In his blog entry of Aug. 3, Armstrong Williams writes, "The Boston Tea Party, in which colonists dumped the usuriously taxed products of Britain into the Boston Harbor, was an act of defiance inspired by Christ’s repudiation of the money-changers."

This is a stretch or, if true, is a serious misunderstanding — at least on the part of the first Tea Partiers — of the event described in all four Gospels.

The Gospel accounts make it clear that Jesus reacted as he did because the money-changers had profaned part of the temple property, turning it instead into a marketplace. There was evidently always a lot of commerce near the temple, not just because it was a gathering place, but also because some people needed to buy animals for sacrifice. During the crowded Passover season described, the commercial district had evidently encroached onto the temple courtyard itself, which was a travesty to any devout Jew.

Incidentally, since the area was probably the space known as the Court of the Gentiles, a lot of Christian commentators remark on how Jesus was looking out for the interests even of Gentiles. God-fearing Gentiles came to that part of the temple property to worship; they were excluded from the interior courts. In Luke's account, Jesus' quotation from Isaiah includes the assertion that the temple was ultimately to be "a house of prayer for all nations."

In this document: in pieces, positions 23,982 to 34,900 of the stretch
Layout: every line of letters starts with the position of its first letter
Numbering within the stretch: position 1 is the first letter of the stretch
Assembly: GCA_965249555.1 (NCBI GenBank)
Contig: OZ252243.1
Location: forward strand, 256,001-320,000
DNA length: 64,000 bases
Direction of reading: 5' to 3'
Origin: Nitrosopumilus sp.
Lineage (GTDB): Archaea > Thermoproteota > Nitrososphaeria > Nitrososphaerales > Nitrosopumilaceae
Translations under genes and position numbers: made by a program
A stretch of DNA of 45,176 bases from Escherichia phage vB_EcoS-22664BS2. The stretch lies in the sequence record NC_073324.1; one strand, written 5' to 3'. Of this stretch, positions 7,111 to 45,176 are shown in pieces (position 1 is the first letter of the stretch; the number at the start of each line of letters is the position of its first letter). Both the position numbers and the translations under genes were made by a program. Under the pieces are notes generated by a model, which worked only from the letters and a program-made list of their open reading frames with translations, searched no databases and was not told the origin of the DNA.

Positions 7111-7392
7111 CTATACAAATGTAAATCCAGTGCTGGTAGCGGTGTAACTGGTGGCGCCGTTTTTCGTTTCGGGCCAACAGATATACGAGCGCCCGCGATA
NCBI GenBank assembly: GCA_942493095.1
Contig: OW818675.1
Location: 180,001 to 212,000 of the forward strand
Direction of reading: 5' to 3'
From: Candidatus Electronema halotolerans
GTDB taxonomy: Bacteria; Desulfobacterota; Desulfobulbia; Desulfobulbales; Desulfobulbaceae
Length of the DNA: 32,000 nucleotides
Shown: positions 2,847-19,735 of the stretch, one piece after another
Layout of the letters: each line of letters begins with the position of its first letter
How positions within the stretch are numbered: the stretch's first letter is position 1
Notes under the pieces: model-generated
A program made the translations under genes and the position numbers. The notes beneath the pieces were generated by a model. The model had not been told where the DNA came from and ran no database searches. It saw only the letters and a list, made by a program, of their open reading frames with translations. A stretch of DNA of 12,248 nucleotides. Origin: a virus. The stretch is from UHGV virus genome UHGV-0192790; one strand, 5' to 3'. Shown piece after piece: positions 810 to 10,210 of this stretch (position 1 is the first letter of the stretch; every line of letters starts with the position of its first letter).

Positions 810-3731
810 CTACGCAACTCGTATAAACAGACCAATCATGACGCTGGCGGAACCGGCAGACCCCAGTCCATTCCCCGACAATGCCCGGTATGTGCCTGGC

Beyond this bit of biblical eisegesis, I fear Mr. Williams's comments reflect a sort of religious-political syncretism that pervades our culture, to the detriment both of our system of government and of the Christian faith. God is not an American; democracy and the free enterprise system, for all their merits, have no special sanction from God, at least as far as I can see in studying the Bible.

While the various freedoms guaranteed in our founding documents may reflect something of the teachings of Christianity, inasmuch as there is to be "neither Jew nor Gentile, neither slave nor free, neither male nor female" before God, combined with the Jewish understanding of the dignity of mankind as made in God's image, they are more properly the product of the European Enlightenment.

Of course, you could argue that the Enlightenment shares roots with the Protestant Reformation, which was indeed seen by its instigators as an attempt to restore the truth of the Bible. Still, to pretend that the United States was to be, by its Founders' design, some sort of vehicle for the expansion of the Kingdom of God on earth is to subscribe to an illusion we'd all be better shed of.